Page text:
With 32 of a possible 63 titles between them, the Los Angeles Lakers and Boston Celtics are the most successful franchises in National Basketball Association history. They’re also a boon to television ratings.
When the Lakers and Celtics meet for another championship in this year’s NBA Finals starting in two days, Walt Disney Co.’s ABC may emerge a winner.
“This is best matchup ABC could have possibly hoped for,” Brad Adgate, research director at Horizon Media, a New York- based advertising company, said in a telephone interview. “It’s a classic rivalry -- cross-country, major markets and two teams loaded with history.”
Jeff Lindsey, a spokesman for ABC, didn’t immediately return an e-mail last night seeking comment.
The Lakers won their 15th NBA championship last season, while the Celtics won their 17th title two years ago.
Boston’s six-game win over the Lakers after the 2007-08 season yielded the highest television ratings for the NBA Finals in the past five years. It was the most recent championship- round meeting in one of sports’ most celebrated rivalries, which featured Magic Johnson and Larry Bird in the 1980s.
The 1987 championship series, the third showdown in four years between Johnson’s Lakers and Bird’s Celtics, was watched in 16.7 percent of U.S. homes, according to Nielsen Media Research. It was the highest-rated NBA finals that didn’t include Michael Jordan since Nielsen began keeping records in 1974.
“These teams have national followings and leaguewide followings,” said Phil de Picciotto, president of Athletes & Personalities at the Los Angeles-based marketing and representation firm Octagon. “Anybody who’s a basketball fan appreciates what the Lakers and Celtics stand for.”
‘Made a Living’
Former CBS Sports president Neal Pilson, who used to sit alongside Boston President Red Auerbach during the NBA Finals, said his network “made a living” on the Celtics and Lakers. Pilson expects more ratings success this season.
“There’s every indicator from size of markets, to quality of the matchup, to the athletes themselves, to the history and tradition,” said Pilson, president of Pilson Communications, Inc., in Chappaqua, New York. “This definitely is a great matchup for the NBA and the networks.”
The teams met in the NBA Finals six times in the 1960s, featuring Hall of Famers such as Bill Russell and Bob Cousy for Boston and Jerry West and Elgin Baylor for Los Angeles. Wilt Chamberlain played for the Lakers in the 1969 Finals.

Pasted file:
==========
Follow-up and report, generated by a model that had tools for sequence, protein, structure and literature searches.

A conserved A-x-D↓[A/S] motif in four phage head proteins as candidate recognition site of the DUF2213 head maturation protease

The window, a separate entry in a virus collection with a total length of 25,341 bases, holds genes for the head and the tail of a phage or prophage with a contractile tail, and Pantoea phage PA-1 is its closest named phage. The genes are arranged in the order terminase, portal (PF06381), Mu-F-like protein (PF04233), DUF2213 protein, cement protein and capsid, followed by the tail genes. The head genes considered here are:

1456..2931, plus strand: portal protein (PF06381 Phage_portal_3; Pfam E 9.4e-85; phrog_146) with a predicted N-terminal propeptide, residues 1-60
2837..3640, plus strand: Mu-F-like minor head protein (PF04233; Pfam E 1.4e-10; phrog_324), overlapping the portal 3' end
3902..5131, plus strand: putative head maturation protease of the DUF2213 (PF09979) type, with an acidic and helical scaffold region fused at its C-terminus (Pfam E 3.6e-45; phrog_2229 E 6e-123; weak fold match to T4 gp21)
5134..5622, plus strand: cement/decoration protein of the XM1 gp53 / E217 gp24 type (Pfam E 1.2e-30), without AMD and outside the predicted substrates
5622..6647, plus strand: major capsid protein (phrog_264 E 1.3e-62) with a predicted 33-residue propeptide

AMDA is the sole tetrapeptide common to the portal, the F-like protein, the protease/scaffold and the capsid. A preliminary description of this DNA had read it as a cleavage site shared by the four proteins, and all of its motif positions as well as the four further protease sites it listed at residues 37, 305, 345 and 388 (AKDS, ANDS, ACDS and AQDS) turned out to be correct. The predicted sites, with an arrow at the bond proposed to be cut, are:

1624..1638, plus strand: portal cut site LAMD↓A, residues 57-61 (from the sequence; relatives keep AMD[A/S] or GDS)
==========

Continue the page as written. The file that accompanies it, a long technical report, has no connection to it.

Kareem in Series
Kareem Abdul-Jabbar, the NBA’s career scoring leader with 38,387 points, helped lead the Lakers to NBA Finals victories against the Celtics in 1985 and 1987.
Los Angeles is the second-largest media market in the U.S. behind New York, and Boston is seventh.
The Lakers are led by former Most Valuable Player Kobe Bryant, who has averaged 29.4 points in 16 games this postseason. The Celtics are paced by a quartet of All-Stars in Paul Pierce, Ray Allen, Kevin Garnett and Rajon Rondo.
“Boston and L.A. -- wake up the echoes,” Pilson said in a telephone interview. “This is classic. The only thing that could spoil this matchup right now are blowout games or a four- game sweep. But it seems unlikely.”
The teams split their two regular-season meetings, with each winning by one point on the road.
Los Angeles is a 5 1/2-point favorite for Game 1 of the best-of-seven championship series on June 3 at the Staples Center. Game 2 will also be played in Los Angeles, on June 6, before the series shifts to Boston for the next three games.
Jackson Seeking Revenge
Lakers coach Phil Jackson, who has 10 NBA titles, said the loss to the Celtics two years ago still stings.
During the offseason, after Los Angeles beat the Orlando Magic for the NBA title, Jackson said he ran into Pierce at his daughter’s housing complex in Los Angeles and made it known he wanted a championship rematch.
“I said, ‘Get it back, we want to meet you in the finals,’” Jackson said after beating Phoenix in the Western Conference finals. “So here it is almost a year later. We have this opportunity, both of us, to renew this rivalry.”
Since the Lakers moved to Los Angeles from Minneapolis in 1960, they’ve faced the Celtics 10 times in the NBA Finals. Nine of those championship series were decided in more than five games, with four going to a seventh game.
“You’ve got great star power and great tradition,” said Horizon Media’s Adgate. “The only other thing that ABC could possibly hope for is that the series goes seven games.”